if people were to believe that they such being actually exist and that they are being watched by them would that result in any harm? What about if people beileved that such beings may actually at times could actually aid people in deatling with the adversity, although they should not count on it? Would that harm people? Of course fate can cut both ways. But it could coldly be explained that since the Buddhas are very good with probabilities they would not save a loved one because if they did that would set in motion a chain of events that would kill 500 million people in 50 years.
    To me such an explination has the advantage of quickly expalining why bad things happen which, were beyond human control, While giving humans hope that they are not alone. That there are other sentient beings who can say I have been there and done that and have blazed a trial farther in to the wilderness.
    Of course the objection might be made by some people that unless these Buddhas deliver us clear and unambigous intstructions that are verifiable by everyone on earth they are no better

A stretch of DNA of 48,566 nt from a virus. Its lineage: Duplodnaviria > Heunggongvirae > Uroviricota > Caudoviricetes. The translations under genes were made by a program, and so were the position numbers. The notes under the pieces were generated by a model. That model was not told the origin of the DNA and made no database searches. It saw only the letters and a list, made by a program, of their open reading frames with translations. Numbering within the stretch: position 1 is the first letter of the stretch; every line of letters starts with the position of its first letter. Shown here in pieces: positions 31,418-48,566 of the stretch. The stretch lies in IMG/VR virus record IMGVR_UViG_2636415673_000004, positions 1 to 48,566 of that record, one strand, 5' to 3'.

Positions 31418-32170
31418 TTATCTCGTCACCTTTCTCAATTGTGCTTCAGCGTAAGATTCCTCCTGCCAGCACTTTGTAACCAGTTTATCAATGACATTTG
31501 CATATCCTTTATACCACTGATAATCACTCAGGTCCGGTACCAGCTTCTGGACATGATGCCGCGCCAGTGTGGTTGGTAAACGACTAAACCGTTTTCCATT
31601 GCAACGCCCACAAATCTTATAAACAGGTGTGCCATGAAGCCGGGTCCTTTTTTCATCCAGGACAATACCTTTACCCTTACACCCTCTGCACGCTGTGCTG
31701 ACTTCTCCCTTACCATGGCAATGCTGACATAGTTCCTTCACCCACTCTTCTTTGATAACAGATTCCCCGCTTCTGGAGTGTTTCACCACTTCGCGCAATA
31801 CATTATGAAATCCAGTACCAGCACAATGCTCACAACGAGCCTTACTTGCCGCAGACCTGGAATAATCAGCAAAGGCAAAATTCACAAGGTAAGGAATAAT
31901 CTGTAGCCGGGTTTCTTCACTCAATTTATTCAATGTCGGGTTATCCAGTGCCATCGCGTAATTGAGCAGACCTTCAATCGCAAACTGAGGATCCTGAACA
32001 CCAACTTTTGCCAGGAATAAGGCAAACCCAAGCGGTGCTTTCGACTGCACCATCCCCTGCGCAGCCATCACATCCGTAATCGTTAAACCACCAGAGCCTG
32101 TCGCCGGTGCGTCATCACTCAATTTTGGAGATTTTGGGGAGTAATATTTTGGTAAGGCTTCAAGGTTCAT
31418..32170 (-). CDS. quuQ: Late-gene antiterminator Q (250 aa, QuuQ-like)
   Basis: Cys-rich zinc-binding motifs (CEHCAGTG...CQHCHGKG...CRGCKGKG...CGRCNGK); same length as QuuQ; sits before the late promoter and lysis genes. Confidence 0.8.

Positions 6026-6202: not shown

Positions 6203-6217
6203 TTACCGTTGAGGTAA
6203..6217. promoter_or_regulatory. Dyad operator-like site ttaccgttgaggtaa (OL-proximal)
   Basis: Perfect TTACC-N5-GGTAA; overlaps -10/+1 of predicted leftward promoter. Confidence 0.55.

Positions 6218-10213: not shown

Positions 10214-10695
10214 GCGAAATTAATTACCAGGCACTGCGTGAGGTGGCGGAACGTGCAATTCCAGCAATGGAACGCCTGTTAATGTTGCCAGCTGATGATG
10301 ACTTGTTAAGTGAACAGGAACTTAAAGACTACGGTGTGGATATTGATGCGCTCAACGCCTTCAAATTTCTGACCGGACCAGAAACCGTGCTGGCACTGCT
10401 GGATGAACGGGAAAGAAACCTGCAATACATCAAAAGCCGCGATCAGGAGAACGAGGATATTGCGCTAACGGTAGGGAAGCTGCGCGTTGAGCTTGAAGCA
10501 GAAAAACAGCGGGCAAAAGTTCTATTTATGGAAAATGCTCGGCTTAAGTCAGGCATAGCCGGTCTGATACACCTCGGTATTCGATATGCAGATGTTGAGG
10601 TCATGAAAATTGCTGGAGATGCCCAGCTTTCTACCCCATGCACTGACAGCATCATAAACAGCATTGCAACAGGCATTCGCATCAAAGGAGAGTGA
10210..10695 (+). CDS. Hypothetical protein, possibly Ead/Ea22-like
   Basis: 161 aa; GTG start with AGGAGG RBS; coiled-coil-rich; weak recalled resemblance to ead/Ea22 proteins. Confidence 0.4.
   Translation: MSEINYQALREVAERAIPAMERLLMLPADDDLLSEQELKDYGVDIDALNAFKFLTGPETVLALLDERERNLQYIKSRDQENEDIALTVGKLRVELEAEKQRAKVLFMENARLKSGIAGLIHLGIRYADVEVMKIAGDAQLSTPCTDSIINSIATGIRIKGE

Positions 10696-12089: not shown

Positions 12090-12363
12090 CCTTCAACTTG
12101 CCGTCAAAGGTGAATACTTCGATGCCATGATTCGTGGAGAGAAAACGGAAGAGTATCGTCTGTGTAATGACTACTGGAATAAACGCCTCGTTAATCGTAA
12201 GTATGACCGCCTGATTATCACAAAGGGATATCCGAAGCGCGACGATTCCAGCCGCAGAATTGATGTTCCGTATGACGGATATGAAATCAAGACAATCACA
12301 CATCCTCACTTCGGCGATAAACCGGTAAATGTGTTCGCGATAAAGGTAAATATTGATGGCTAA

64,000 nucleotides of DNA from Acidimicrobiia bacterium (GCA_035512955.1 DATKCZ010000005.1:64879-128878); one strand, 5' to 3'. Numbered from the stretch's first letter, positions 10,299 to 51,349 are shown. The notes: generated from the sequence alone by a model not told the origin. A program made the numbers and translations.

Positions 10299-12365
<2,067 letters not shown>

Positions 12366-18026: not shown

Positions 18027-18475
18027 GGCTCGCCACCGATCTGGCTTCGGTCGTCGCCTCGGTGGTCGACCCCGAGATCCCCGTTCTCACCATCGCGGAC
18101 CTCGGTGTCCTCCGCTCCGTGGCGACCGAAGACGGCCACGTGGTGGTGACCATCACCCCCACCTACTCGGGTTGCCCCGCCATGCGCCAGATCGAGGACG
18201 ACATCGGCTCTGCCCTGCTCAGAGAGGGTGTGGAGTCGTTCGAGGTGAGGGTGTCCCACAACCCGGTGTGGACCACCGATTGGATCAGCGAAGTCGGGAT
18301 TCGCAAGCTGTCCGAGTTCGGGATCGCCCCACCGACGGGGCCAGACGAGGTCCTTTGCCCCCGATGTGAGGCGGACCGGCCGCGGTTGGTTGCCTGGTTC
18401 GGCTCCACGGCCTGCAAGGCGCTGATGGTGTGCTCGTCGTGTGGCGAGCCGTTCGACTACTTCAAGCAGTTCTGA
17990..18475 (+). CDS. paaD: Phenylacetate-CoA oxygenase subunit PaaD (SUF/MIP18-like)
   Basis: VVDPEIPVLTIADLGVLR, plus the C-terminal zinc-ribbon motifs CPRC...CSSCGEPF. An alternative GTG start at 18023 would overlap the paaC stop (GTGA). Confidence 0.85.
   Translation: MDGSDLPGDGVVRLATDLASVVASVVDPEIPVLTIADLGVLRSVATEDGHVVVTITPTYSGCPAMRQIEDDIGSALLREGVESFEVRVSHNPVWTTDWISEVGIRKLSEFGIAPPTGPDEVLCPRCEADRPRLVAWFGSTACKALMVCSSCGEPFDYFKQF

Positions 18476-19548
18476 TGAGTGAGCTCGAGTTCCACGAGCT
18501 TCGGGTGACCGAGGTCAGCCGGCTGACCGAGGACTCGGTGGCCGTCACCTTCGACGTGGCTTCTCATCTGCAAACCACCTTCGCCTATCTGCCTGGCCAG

than the wizards from Oz or from The Hobbit or from Hogwarts Academy. I think that such an objection could be answered by saying that if the Buddhas were to do that they would be robbing us of our plantary independence, damaging our longer term education and potential capabilities,
    and hogging the credit for when when things go right. If I remember something that I read correctly a Buddha never accepts credit for the things that go right and always accepts the blame for when things go wrong. So IF the Buddhas did ever mix themselves up in human affairs ti would have to be in a very ambiguous way so that they had plausible deniablity.

  23. Mmm… this sounds like a sky-gods theory of Buddhas.

    I think sky gods are bollocks. I don’t think there are any.

    My impression is that most American Buddhists would agree with that. However, many of them practice Buddhisms whose stated purpose is to turn you into a sky god.

    There’s a disconnect there.

    Of course, to anyone who genuinely believes that there are sky gods, and that someday they may become one… good luck.